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Until now the strongest beer I'd ever had was De Struisel Black Albert (13%). I now have a bottle of BrewDog / Mikkeller Devine Rebel (13.8%). This is the beer that had the shopkeeper go to the shelves to make sure a 33cl bottle of beer really was that price. Although Stirchley Wines is a very, very good source of ales both UK and other. I went there on the way back from picking up a fresh loaf of bread from Tom the Baker (whose name is actually Tom Baker.)

I am listening to "My Lord what a Morning" a.k.a. "When the Stars begin to Fall" which despite supposedly being a Christian song sounds to me very much like the Day when the Stars are Right. I suppose it's all a transcription of "Dies Irae" - but,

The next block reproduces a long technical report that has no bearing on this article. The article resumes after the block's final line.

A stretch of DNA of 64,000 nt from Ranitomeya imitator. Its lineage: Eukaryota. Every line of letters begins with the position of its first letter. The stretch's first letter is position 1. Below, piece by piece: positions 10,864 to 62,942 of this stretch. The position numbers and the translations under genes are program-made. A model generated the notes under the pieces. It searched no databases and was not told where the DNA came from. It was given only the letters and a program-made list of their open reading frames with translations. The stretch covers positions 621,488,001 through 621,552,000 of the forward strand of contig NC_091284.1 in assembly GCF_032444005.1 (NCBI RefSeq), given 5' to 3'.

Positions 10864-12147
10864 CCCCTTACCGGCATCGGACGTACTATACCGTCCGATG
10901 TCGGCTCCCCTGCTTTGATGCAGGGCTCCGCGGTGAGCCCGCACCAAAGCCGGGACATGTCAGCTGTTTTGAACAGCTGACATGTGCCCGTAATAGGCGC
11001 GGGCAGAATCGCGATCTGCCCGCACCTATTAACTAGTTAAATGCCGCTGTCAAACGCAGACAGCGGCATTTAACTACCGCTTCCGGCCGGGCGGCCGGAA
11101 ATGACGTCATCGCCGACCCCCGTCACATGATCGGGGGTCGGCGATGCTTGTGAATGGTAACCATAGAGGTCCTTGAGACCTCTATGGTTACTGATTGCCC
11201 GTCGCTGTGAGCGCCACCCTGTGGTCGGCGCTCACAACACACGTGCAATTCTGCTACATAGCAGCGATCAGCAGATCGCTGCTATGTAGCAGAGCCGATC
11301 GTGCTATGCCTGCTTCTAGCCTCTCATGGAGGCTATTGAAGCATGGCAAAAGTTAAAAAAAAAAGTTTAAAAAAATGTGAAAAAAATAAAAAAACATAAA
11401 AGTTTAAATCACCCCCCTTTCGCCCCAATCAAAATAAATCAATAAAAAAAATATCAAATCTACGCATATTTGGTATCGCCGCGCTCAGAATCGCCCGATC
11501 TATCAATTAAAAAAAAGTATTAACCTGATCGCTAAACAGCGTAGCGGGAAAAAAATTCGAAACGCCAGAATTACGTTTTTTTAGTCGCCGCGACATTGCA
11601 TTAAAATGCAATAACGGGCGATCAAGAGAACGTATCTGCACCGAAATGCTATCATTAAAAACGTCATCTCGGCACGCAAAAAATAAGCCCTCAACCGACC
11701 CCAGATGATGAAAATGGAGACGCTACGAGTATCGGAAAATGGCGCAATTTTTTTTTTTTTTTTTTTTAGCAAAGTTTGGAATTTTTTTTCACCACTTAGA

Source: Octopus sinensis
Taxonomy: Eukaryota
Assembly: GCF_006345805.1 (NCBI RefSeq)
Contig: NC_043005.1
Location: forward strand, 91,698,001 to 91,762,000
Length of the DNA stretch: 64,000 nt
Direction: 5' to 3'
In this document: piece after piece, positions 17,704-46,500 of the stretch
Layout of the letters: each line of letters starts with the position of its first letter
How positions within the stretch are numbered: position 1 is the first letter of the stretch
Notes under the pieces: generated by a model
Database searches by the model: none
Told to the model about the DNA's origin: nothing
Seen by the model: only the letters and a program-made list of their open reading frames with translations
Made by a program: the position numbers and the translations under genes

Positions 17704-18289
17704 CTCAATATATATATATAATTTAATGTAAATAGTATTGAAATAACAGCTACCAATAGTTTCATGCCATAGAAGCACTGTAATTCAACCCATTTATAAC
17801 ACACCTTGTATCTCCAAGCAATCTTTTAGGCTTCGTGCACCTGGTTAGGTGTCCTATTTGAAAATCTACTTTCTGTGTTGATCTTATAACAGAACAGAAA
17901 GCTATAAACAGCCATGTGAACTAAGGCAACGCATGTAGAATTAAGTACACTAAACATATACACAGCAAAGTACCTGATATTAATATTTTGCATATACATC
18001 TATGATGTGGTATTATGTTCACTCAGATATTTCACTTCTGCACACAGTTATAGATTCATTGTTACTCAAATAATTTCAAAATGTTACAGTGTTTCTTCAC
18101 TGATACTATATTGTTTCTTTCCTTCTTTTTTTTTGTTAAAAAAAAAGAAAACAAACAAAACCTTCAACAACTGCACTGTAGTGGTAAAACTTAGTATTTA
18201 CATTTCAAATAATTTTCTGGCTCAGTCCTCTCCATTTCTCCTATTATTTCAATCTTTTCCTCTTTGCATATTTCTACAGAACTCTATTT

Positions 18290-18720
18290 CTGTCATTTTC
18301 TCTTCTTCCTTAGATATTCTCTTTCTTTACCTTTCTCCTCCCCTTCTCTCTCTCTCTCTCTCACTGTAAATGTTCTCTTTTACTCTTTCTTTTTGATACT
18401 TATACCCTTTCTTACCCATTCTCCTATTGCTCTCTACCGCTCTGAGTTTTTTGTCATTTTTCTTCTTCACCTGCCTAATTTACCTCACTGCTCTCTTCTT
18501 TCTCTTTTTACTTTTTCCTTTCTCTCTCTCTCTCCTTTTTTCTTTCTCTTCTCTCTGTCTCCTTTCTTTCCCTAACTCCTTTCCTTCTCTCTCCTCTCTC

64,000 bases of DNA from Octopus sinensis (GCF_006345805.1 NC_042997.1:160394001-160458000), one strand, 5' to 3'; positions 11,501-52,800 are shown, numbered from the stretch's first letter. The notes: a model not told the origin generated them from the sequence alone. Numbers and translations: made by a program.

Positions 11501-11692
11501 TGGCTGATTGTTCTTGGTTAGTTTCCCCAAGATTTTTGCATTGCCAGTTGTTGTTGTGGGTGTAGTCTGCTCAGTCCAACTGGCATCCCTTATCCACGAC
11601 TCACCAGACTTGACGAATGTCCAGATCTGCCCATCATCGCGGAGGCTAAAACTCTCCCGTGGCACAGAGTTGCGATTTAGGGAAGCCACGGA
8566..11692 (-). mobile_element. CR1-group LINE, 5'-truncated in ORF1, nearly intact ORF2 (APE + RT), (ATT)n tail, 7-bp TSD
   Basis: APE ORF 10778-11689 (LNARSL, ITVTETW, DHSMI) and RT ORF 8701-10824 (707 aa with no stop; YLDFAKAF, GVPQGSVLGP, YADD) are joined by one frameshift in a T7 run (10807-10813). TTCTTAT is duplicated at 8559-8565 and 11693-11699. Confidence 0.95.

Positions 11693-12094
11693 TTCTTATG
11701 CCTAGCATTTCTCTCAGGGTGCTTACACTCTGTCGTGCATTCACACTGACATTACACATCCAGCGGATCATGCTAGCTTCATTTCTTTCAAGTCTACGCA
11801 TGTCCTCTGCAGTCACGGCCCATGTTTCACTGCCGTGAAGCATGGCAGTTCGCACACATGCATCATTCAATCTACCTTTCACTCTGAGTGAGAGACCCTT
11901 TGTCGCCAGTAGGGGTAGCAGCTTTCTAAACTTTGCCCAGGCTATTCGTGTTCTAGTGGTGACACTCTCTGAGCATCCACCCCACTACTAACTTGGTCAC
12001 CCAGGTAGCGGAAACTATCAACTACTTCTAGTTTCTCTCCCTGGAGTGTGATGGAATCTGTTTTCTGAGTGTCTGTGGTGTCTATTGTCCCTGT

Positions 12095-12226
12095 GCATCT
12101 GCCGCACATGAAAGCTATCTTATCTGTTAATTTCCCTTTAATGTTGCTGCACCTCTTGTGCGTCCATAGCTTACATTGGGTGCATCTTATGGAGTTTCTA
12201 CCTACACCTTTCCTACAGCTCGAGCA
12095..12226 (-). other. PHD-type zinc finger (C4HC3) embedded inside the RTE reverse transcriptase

I mean,
"You’ll hear a sinner mourn,
To wake the nations underground,
Looking to my God’s right hand,
When the stars begin to fall..."

What else could it mean? The Tentacled Dreaming One arising from deep Rl'yeh....

Apart from that, two weeks at the New Job and it's still good. Today, spent some time talking to a local radio DJ w/r/t the varieties of West Indies / Caribbean (many of the people I work with are Eastern Caribbean as opposed to Western which includes Jamaica). Of course being a Media Tart I asked him for an interview for the Community Newsletter which I also seem to be in charge of.

Went swimming at the University Pool on the way home today, the Uni (which must evoke thoughts of David Lodge who set three novels there) is ok for motorscooter access although I'm used to going there by pushbike.